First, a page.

Professional wrestling that is seen on television today is well known as scripted sports entertainment that portrays hulking and lumbering men as the best athletes in their sport. Not many people know that pro wrestling had more humble roots and was a style that had real matches with real athletes that fought real bouts.
Every country has its own version of wrestling and sometimes they have multiple styles. For example, in Japan there is Sumo wrestling and of course Judo which are styles of wrestling using different rules to determine a winner. Even in the Olympics today Judo exists as well as Greco Roman and Freestyle wrestling. In the United States Collegiate and High School wrestlers use folk style wrestling rules to compete.
Catch as Catch Can in Early America
Early on in American history there were wrestlers who used to grapple using catch as catch can rules, this system of wrestling is known to be derived from British wrestling systems, these wrestlers would gain a victory by either pin or some sort of joint lock to make his opponent submit. In the late 1800’s there was a catch as catch can wrestling championships in the United States known only as the American Heavyweight wrestling championships, additionally catch as catch can was an Olympic sport early in the 1900’s.
The Fix is in
Wrestling matches started having pre determined outcomes early on when travelling carnival wrestlers, often small in stature, would challenge the locals to wrestling matches for prize money. Often the locals were reluctant to take on these wrestlers so they usually had a partner that would take the challenge while posing as an ordinary local and win the match to show how “easy” the match would be. Of course when a real local accepted the challenge and laid down his money the wrestler would go ahead and defeat him, usually taking his time to do so to encourage others to take the challenge. The practice of having a predetermined outcome is known as a “work” which is different from a “shoot” which means a real match.
With the advent of the television years later more and more matches became works to keep the audience entertained. The reason is that two evenly matched wrestlers could compete for quite a while with no victor since the sport lacked points and relied on a finish via pin or submission. The worked matches were intended to look real but wrestlers could now “cheat” by using chairs and other foreign objects.
In Japan a wrestler named Karl Gotch trained several Japanese professional wrestlers the art of catch as catch can. His students then formed a new wrestling federation called the UWF (United Wrestling Federation) which featured shoot style matches which were predetermined but looked like a real match using real techniques. It did not take long for new organizations to emerge which featured both shoot style and actual matches which were legitimate shoots without predetermined winners.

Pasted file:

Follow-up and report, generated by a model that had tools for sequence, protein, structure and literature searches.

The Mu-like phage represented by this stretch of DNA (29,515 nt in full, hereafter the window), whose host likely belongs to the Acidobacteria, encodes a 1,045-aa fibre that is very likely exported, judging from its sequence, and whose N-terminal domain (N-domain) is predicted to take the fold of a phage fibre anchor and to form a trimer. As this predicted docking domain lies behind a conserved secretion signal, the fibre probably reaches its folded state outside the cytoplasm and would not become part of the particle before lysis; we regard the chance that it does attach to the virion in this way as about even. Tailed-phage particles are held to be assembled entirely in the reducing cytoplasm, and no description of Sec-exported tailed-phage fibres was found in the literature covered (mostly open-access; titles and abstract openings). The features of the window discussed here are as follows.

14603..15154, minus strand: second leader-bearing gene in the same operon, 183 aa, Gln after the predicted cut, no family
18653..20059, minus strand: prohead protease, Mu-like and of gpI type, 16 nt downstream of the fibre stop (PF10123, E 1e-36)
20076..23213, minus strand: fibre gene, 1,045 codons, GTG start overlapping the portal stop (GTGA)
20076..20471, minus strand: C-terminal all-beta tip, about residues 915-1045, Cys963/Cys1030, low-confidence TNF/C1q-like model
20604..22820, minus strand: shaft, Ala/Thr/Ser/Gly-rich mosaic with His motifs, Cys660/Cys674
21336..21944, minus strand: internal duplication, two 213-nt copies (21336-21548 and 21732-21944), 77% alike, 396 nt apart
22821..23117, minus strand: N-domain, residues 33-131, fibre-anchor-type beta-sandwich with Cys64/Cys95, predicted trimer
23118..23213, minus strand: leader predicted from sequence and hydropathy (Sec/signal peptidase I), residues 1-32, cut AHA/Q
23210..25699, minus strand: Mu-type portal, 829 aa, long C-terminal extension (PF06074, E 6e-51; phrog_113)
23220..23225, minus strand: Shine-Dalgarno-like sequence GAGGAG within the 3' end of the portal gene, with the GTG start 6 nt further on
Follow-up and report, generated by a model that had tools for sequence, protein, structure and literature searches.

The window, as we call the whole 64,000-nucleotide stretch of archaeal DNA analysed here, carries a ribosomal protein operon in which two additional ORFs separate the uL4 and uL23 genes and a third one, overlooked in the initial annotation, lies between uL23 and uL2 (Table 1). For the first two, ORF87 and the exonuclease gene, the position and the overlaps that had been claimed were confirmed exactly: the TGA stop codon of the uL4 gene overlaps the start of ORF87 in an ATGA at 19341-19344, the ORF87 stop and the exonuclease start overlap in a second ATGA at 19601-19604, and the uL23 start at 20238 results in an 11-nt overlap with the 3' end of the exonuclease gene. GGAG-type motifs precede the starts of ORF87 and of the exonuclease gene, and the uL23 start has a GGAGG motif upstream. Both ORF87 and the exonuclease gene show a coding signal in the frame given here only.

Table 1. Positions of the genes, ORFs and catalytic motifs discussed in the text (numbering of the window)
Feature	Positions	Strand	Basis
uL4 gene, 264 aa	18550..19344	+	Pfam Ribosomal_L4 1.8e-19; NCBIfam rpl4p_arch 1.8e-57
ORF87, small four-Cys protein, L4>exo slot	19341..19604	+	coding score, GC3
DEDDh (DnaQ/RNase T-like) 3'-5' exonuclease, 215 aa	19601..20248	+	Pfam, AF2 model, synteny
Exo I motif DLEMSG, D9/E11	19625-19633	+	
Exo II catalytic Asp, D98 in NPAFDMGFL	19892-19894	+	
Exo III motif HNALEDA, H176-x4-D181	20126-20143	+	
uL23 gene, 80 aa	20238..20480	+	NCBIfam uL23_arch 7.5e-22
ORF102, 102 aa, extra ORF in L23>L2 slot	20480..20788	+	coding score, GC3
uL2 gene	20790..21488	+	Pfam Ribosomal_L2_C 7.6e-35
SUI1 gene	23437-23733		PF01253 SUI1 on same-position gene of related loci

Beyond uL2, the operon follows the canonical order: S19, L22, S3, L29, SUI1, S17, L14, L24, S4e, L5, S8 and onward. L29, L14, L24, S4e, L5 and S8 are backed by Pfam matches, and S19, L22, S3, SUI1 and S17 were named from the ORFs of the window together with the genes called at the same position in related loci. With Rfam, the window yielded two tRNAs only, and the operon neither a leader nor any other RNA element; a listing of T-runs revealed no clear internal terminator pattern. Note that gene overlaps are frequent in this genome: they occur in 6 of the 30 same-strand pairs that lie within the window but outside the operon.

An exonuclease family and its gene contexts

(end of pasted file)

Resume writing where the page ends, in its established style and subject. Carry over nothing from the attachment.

The Gracie Family
In the late 80’s and early 90’s mixed martial arts competitions started becoming popular in both Brazil and Japan. In Brazil the Gracie family took their unique style of Jiu Jitsu (known as Gracie Jiu Jitsu) and competed and subsequently won many no holds barred style contests in dominating fashion. They also competed in Japan with similar results, often simply taking down their opponents and forcing them to submit with strikes from the top, choke holds or arm locks. Eventually they put their skills on display in an event known as the Ultimate Fighting Championships. The UFC was the first taste of mixed martial arts in the United for decades and it revolution combat sports as well as the martial arts industry.
Kazushi Sakuraba was a standout high school wrestler and collegiate wrester in Japan who had a win over future Olympic Bronze medalist, Kat Ota. After college Sakuraba went on to become a professional wrestler for the UWF and Kingdom Pro Wrestling.
In 1997 a pro wrestler from the Kingdom organization entered the UFC 15 Ultimate Japan tournament but was injured during training. Sakuraba, weighing less than 185lbs, entered the heavyweight division by claiming to be over 200lbs.
In the event Sakuraba fought against 243lb heavyweight Brazilian Jiu Jitsu black belt, Marcus “Conan” Silveira. During their 1st match Silveira threw a punch while Sakuraba was dropping for a leg tackle and referee John McCarthy mistakenly stepped in and stopped the fight, thinking the Japanese fighter got knocked out. After realizing his mistake McCarty ruled the fight a no contest and the two were allowed to fight again.
In the second fight Sakuraba was able to submit Silveira with an arm lock of his own in just 3:44 seconds of the 1st round, taking the UFC Japan title in the process. Sakuraba went on to defeat several Brazilian Jiu Jitsu black belts including 4 members of the famed Gracie family in no holds barred competition proving that catch as catch can wrestling is an effective form of combat.
Back to the Future
Catch as Can wrestlers in the United States is still very rare almost 20 years after the debut of Kazushi Sakuraba but some legitimate trainers exist. American wrestlers are now entering mixed martial arts events in droves and some actually spend some time training in catch wrestling, even though BJJ is now readily available all over the United States. It is indisputable that Pro Wrestling roots played a significant part in early mixed martial arts history in the United States through the preservation of catch wrestling in Japan.
Pete Kontakos is an avid fan of sports including wrestling, martial arts, football and other. He is also a husband, father and animal lover and enjoys reading about Pet health and other animal related information. Pete is certified as a wrestling coach through USA Wrestling.